Artists: Ferdinando Tacconi, Nino Caroselli, Graham Coton
Publisher: Book Palace Books, April 2020
Number of pages: 272
Format: Flexi Cover; Black & White illustrations
Size: 6″ x 8″ (165mm x 215mm)
ISBN: 9781907081897 | Book Palace (including Preview) | AmazonUK (Affiliate Link)
The Book: Originally published in War Picture Library 49 and Air Ace Picture Library 11, 37 and 54, these four stories showcase the art of the great Ferdinando Tacconi. His style is immediately recognisable, with a very clear linework and some interesting curly cues done in pen and ink.
Tacconi wisely used an uncluttered linework that, with the passage of time, became more and more limited to the essential. The care he applied to the environment and details of each panel he drew, especially in his way of presenting vehicles or his beloved aircraft, made him one of the top artists around the world.
In fact, Tacconi would never hide his deep love for flying machines, which accompanied him throughout his career, both inside and outside the comic pages he drew.
The Review – by Norman Boyd: This is the second of this series I’ve read – and thoroughly enjoyed! All of these four 60-year-old plus stories are illustrated by Ferdinando Tacconi, and there’s a brief biography at the front and selected bibliography of his British comics work.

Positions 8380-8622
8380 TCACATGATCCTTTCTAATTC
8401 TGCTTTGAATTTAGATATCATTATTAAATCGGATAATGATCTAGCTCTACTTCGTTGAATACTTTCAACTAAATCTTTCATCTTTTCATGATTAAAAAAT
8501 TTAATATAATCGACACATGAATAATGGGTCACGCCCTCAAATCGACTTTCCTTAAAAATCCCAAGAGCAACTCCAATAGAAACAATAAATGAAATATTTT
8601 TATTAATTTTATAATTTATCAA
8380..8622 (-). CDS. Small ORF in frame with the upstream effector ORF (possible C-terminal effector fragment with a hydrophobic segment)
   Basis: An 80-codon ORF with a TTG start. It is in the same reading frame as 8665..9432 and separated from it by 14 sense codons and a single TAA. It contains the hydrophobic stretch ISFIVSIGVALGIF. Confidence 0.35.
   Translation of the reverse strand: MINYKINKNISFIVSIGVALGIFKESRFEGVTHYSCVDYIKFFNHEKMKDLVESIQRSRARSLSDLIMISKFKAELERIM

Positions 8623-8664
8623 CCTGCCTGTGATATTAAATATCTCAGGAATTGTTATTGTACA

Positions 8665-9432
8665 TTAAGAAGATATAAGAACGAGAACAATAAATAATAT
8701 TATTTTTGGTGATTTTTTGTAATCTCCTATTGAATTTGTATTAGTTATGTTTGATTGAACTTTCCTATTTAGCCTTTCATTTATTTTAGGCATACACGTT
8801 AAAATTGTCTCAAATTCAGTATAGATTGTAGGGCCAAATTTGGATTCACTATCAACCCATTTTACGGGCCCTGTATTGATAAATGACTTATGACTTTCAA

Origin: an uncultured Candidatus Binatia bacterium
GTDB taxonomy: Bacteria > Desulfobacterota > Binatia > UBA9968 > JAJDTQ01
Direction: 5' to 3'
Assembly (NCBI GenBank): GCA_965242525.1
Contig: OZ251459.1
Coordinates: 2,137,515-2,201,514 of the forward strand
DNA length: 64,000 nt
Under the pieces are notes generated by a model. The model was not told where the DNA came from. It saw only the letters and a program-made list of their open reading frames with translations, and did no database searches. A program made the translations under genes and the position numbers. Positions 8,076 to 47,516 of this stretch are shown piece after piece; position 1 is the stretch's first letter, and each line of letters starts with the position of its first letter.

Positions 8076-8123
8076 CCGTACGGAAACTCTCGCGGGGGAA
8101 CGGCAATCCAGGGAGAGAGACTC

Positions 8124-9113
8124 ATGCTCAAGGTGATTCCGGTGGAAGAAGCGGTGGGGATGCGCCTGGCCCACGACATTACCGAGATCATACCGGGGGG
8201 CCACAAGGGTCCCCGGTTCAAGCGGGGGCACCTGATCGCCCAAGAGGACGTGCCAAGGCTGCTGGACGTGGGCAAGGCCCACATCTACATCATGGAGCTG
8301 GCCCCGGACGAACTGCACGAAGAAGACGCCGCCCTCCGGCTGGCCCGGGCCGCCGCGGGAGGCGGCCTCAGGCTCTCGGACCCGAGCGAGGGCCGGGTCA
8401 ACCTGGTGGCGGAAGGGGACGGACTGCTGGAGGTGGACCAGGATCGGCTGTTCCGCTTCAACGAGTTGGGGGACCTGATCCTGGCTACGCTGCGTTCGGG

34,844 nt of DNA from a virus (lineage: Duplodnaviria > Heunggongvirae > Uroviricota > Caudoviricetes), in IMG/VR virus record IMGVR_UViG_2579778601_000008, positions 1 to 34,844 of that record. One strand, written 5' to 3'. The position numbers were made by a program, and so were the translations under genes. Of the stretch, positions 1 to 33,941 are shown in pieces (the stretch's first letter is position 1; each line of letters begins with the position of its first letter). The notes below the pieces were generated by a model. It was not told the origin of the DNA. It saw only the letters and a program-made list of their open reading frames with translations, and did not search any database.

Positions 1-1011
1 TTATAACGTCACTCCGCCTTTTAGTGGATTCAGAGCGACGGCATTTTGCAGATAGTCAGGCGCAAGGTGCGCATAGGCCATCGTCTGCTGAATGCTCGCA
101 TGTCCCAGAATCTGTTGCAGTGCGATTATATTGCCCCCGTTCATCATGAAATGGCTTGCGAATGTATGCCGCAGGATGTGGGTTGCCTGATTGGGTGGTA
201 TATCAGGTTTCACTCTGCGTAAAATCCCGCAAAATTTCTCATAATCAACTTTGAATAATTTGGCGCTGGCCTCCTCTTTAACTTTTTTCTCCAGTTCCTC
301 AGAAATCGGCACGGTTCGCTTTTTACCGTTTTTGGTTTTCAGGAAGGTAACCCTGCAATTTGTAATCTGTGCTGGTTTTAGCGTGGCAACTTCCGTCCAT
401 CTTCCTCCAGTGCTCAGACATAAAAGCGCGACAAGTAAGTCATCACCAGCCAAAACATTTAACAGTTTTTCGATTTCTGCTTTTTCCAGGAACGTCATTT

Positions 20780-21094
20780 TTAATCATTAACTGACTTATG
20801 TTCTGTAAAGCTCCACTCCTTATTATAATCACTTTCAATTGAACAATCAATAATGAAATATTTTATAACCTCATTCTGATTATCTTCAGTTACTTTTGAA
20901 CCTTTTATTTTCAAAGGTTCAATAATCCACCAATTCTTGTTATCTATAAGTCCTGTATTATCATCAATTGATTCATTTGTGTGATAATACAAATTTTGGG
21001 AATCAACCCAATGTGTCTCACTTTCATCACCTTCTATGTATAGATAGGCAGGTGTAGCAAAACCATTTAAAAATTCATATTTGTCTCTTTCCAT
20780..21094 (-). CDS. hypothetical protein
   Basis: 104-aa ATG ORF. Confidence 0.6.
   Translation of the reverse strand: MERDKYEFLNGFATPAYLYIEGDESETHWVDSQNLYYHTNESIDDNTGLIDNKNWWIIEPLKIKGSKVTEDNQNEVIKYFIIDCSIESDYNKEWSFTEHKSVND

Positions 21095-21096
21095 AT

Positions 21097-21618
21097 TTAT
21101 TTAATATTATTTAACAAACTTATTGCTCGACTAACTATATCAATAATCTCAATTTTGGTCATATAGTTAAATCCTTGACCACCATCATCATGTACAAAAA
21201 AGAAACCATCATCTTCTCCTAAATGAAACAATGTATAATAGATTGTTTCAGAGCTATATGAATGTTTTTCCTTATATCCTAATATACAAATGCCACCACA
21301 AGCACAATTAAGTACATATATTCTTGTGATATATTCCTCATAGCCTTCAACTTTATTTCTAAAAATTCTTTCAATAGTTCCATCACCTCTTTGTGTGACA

In “Broken Wings“, Donald Fleming, a hot-headed enthusiastic flyer learns with his father, a World War One ace pilot. His own World War Two career shows his recklessness but also his bravery and his sacrifice. He learns that he matches up to his father in the end.
“Scramble!” was my favourite of the collection, only because I lived in Malta as a kid and knew the history of the second “Siege of Malta”, which led to the whole island’s award of the George Cross. This portrayal of the hardships and sacrifice focuses on the pilots encountering German and Italian bombers and fighters.
“Last of the Gladiators” tells the tale of how a fondness for and the obsession with retaining an ‘old’ style of plane pays off in the end, accompanying Atlantic convoys and in the fight being taken to Norway.
“Target Tirpitz” needs no introduction as it’s a well known story of the attempts made to sink the German’s battleship. The story takes us from south England to Scotland to Russia and finally to Norway.
Tacconi’s artwork has grown on me since my childhood, and these examples show how a confident artist can add so much to war stories (that would usually bore me) and make them into entertaining tales which send me searching for more information on these incidents.
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